Indian Troops Kill Pakistani Soldier Who ‘Accidently’ Crossed Border
By Amrutha Gayathri | February 15, 2013 10:44 PM EST
The Indian army said that its troops Thursday killed a Pakistani soldier who strayed across the de facto border in Kashmir into the Indian-administered territory.
The Pakistani soldier was killed in a gun battle after the Indian army opened fire, detecting “some suspicious movement,” Lieutenant Colonel Rajesh Kalia, a spokesman for the Indian army's northern command, told the AFP Friday.
The soldier had crossed the Line of Control (LoC) in Nowshera sector in Kashmir, about 100 kms from Jammu, "to attack Indian post," the spokesman said.
The Indian army said that “on being challenged, the intruder fired" and that Indian troops retaliated, killing the Pakistani soldier. An AK-47 rifle was found alongside his body.
Two Indian soldiers were also injured in the gunfight, news agencies reported.
Indian army officials said that the soldier’s body was returned on Pakistan’s request at 3:00 p.m. (9:30 a.m. GMT) Friday "with full military respect due to a soldier,” NDTV reported.
Pakistan said that the soldier had lost his way and accidentally strayed across the border.
Meanwhile, an Indian defense spokesperson confirmed to India Today the reports of unprovoked firing by Pakistani rangers on Indian posts in Mendhar sector of Jammu Thursday night. No casualties were reported.
The director generals of military operation (DGMOs) of both the nations held fresh talks Friday morning after the latest ceasefire violation from the other side of the border along the Line of Control (LoC), Indian media reported.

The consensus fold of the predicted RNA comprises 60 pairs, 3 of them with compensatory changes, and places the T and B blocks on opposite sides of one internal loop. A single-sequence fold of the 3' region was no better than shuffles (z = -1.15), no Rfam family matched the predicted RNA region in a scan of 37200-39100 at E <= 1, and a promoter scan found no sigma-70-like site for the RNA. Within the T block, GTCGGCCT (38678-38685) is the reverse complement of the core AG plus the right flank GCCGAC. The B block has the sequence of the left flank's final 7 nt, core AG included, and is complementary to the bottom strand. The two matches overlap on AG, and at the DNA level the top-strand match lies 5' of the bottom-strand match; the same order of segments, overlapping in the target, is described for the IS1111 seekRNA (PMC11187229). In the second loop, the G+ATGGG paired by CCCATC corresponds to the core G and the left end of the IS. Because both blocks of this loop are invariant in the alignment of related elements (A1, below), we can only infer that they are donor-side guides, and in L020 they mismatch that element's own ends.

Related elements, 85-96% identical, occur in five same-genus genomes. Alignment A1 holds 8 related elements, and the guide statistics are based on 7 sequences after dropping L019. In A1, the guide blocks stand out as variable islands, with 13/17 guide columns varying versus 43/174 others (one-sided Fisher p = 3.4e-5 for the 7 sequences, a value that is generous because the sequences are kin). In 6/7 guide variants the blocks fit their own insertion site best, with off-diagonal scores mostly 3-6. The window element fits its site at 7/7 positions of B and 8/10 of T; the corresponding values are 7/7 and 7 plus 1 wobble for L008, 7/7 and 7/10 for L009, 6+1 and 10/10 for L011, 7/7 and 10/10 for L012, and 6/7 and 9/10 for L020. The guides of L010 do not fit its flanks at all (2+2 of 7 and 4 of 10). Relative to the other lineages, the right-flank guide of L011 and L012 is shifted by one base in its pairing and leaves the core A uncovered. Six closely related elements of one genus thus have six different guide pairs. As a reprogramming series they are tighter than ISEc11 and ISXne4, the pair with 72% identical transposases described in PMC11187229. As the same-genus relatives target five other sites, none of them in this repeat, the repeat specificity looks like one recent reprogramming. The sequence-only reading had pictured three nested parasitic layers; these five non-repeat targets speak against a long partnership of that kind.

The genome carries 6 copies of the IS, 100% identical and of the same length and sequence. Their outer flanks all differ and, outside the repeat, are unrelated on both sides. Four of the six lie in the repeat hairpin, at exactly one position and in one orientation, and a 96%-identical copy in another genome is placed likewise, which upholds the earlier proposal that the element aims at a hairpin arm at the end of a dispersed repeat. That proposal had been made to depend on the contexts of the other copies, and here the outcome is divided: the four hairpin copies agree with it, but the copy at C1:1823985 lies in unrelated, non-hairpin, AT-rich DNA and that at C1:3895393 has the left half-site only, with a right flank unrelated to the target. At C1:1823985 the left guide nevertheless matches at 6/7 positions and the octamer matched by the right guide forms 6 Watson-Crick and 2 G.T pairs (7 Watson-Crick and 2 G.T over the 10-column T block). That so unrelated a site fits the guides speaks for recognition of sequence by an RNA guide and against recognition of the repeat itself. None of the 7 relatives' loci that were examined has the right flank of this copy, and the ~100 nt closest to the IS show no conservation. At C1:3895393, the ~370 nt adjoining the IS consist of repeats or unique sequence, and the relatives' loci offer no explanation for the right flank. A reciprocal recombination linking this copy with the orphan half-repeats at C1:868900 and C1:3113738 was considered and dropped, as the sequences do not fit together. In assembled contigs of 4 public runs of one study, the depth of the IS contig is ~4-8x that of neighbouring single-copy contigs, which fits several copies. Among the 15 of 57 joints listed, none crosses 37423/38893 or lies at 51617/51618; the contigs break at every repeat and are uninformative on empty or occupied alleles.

Two Indian soldiers and three Pakistani soldiers died last month near the Line of Control (LoC) that divides Kashmir between the two countries, in the worst bout of violence since both nations declared a ceasefire in November 2003. The recent bout of skirmishes began Jan. 8 with the killing of two Indian soldiers. One of them was beheaded.
The ceasefire violations sharply deteriorated the India-Pakistan relations.
On Jan. 21, officials in India-administered region of Kashmir issued an advisory to the residents to be prepared for a potential nuclear, biological or chemical war by building bomb-proof basements or bunkers and stocking up essential supplies.
Local officials maintained that the warning was only a part of a routine campaign to educate the public and that the newspaper advisory was “not connected with anything else.”
On Jan. 18, India’s Foreign Minister Salman Khurshid said that there was a “positive tone” in Islamabad’s offer to hold high-level talks to diffuse the tensions, adding: "We welcome it and will make an appropriate response."
Cross-border trade and transport, which were suspended for a few weeks in January in the wake of the tensions, resumed by the end of the month.
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